Supplemental Revenue Assistance Payments—Payments made to eligible producers on farms in disaster counties that incurred crop production or crop quality losses or both during the crop year.
Swampbuster—Term for wetland conservation compliance provisions first established in 1985 farm legislation. Producers who drain a wetland to make it ready for crop production can lose Federal farm program benefits, including most commodity, conservation, and disaster payments. USDA’s Natural Resources Conservation Service certifies technical compliance, and USDA's Farm Services Agency administers changes in farm program benefits.
Target price—Unit price level (e.g., for bushel, pound, or ton) established in the 2002 Farm Bill used for calculating counter-cyclical payments for covered (program) commodities. Prior to 1996, target prices were used to calculate deficiency payments.
Tariff—See tariff in ERS WTO topic Glossary.
Tariff-rate quota (TRQ)—See tariff-rate quota (TRQ) in ERS WTO topic Glossary.
Temporary Assistance for Needy Families (TANF)—A Federal-State, block-grant program that replaced the Aid to Families With Dependent Children program in 1996. TANF provides cash benefits to low-income families with children. Under TANF, States have flexibility to determine eligibility requirements and benefit levels, but benefits are subject to a 5-year Federal time limit and work requirements.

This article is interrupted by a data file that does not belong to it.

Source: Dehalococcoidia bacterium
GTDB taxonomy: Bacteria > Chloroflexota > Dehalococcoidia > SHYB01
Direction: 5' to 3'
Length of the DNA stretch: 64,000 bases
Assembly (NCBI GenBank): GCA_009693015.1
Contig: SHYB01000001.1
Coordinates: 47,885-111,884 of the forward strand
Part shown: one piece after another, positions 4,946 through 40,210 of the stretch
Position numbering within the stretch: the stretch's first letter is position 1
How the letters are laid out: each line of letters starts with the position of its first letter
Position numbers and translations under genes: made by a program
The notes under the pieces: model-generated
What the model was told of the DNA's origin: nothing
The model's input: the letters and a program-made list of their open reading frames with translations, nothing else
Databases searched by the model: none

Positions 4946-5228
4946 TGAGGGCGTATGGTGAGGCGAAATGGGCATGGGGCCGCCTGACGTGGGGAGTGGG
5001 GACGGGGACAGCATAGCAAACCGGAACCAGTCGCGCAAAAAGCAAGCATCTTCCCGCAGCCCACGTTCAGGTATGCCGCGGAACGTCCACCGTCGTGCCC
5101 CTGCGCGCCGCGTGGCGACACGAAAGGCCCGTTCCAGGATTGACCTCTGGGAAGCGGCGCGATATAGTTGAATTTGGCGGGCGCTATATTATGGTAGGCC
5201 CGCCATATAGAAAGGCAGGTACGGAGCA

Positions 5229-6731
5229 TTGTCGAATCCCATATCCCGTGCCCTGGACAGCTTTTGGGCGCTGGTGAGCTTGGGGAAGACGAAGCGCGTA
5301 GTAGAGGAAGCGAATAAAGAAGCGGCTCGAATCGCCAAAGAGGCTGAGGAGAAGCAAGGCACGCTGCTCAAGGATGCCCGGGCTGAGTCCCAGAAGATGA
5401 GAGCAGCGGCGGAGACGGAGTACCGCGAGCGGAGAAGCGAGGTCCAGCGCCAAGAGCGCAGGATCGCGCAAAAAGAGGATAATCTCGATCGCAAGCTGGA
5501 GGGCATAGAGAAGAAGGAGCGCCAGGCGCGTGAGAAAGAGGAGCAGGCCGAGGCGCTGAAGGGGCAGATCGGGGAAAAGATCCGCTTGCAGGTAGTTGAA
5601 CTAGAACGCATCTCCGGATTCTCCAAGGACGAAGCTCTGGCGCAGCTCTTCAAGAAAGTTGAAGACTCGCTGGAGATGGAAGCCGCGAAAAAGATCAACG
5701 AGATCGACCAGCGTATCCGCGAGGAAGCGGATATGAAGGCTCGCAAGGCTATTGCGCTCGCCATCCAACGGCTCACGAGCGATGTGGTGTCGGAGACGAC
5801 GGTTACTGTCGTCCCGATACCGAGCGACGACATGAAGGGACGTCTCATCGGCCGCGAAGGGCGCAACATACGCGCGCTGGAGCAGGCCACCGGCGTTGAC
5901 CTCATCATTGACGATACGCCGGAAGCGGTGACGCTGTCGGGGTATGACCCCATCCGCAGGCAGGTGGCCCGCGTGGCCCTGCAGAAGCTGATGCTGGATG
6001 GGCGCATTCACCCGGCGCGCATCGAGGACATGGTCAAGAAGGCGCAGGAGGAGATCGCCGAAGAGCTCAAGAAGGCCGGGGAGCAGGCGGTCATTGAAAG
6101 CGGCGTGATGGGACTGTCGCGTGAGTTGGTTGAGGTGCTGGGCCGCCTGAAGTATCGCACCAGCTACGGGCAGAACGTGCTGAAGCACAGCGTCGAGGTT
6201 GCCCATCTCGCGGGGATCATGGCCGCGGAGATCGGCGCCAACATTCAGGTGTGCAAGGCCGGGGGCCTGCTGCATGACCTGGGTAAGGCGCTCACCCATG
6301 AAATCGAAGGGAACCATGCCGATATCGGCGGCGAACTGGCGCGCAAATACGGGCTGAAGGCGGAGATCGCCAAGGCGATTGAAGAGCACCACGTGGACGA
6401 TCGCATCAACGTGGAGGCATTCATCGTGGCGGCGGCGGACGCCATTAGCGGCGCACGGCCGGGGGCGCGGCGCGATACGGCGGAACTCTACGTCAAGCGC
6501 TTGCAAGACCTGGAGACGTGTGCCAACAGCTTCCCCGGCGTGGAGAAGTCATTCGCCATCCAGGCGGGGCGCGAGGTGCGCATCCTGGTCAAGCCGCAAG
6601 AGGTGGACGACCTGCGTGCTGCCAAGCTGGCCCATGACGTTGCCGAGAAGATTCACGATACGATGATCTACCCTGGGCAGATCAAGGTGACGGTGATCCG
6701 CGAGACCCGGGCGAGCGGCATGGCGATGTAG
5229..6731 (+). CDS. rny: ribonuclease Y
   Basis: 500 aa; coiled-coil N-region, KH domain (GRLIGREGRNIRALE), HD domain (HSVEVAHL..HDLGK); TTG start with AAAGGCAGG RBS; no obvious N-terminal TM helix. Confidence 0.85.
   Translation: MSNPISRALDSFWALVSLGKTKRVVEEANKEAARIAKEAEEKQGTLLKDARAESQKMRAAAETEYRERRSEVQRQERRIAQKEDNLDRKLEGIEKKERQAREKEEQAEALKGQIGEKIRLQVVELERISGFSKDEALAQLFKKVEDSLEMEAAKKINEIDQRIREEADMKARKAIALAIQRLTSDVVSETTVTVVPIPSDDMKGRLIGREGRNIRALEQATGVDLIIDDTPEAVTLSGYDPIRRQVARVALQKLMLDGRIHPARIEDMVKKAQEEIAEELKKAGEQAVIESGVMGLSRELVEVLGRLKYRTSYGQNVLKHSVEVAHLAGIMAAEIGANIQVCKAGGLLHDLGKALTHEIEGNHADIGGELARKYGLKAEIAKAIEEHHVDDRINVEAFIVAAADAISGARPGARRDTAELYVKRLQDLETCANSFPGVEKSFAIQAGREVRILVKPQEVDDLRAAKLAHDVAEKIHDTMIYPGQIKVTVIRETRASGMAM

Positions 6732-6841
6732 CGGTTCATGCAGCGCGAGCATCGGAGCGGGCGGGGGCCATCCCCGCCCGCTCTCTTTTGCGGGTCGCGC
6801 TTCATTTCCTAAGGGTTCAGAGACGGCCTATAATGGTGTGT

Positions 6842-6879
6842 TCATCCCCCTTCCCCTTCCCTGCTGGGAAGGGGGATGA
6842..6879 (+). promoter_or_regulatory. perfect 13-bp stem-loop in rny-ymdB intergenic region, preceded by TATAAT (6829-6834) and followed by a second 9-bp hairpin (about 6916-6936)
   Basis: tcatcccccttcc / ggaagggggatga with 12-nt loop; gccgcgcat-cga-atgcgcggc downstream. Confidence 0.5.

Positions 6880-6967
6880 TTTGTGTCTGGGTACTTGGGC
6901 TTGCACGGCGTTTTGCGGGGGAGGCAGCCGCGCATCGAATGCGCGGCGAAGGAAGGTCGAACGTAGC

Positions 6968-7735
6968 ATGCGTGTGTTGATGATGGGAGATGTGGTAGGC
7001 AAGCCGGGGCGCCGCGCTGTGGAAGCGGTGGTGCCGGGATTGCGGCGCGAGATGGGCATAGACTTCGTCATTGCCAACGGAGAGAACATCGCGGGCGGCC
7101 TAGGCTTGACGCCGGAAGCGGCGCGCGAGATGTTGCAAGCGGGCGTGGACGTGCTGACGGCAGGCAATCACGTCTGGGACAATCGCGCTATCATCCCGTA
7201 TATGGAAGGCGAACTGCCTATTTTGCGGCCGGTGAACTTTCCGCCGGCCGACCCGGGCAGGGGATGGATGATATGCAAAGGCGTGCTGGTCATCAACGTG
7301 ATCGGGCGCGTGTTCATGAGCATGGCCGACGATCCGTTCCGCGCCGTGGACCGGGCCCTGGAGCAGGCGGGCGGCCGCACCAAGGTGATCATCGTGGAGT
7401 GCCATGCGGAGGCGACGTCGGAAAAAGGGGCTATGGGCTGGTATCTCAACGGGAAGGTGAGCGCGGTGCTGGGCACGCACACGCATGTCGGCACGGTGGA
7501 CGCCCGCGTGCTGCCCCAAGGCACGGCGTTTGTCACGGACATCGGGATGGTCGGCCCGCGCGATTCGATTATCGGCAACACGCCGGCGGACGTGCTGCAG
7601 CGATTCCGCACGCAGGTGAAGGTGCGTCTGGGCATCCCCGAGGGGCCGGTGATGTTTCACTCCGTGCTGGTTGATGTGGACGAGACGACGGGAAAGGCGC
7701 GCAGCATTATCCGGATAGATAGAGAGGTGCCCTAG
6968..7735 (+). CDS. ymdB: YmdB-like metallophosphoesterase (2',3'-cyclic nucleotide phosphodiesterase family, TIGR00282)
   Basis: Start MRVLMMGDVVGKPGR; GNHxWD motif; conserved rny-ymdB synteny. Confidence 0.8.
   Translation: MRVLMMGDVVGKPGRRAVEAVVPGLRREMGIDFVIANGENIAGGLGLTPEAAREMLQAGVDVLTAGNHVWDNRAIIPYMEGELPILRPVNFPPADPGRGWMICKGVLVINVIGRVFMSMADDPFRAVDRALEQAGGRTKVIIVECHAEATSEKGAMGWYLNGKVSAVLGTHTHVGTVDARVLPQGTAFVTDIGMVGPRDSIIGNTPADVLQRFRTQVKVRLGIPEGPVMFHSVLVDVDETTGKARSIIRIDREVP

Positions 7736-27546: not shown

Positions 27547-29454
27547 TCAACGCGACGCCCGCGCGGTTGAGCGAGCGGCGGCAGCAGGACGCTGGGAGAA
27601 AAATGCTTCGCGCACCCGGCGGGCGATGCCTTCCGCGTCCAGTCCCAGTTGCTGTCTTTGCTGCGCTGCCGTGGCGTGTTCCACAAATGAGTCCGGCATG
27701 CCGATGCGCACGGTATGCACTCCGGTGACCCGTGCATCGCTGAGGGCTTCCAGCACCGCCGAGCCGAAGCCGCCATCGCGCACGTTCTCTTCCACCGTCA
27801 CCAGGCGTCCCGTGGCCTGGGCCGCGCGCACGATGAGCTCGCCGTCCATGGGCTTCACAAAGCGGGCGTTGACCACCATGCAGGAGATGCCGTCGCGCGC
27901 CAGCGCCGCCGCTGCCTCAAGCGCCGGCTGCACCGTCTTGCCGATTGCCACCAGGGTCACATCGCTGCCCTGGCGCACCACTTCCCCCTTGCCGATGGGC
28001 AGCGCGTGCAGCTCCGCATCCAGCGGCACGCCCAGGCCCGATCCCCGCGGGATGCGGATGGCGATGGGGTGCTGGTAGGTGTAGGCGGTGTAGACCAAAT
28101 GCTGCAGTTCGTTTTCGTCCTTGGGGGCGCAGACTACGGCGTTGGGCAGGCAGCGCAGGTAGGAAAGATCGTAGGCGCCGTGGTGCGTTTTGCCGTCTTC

The Emergency Food Assistance Program (TEFAP)—Provides commodities for distribution through the private emergency food system. Provides mandatory multiyear funding and commodity donations from excess CCC inventories of foodstuffs for food distribution by emergency feeding organizations serving the needy and homeless. TEFAP buys and donates commodities and provides grants for State and local costs of transporting, storing, and distributing them to emergency feeding organizations, soup kitchens, and food banks serving low-income persons.
Three-entity rule—Limits the number of farms from which a person can receive program payments. Under the rule, an individual can receive a full payment directly and up to a half payment from two additional entities.
Thrifty Food Plan (TFP)—One of four USDA-designed food plans specifying foods and amounts of foods to provide adequate nutrition. Used as the basis for designing Food Stamp Program (FSP) benefits, it is the lowest cost food plan that can be priced monthly using the price data collected for the consumer price index. The monthly cost of the TFP used for the FSP represents a national average of prices (4-person household consisting of an adult couple and 2 school-age children) adjusted for other household sizes through the use of a formula reflecting economies of scale. For food stamp purposes, the TFP as priced each June sets maximum benefit levels for the fiscal year beginning the following October.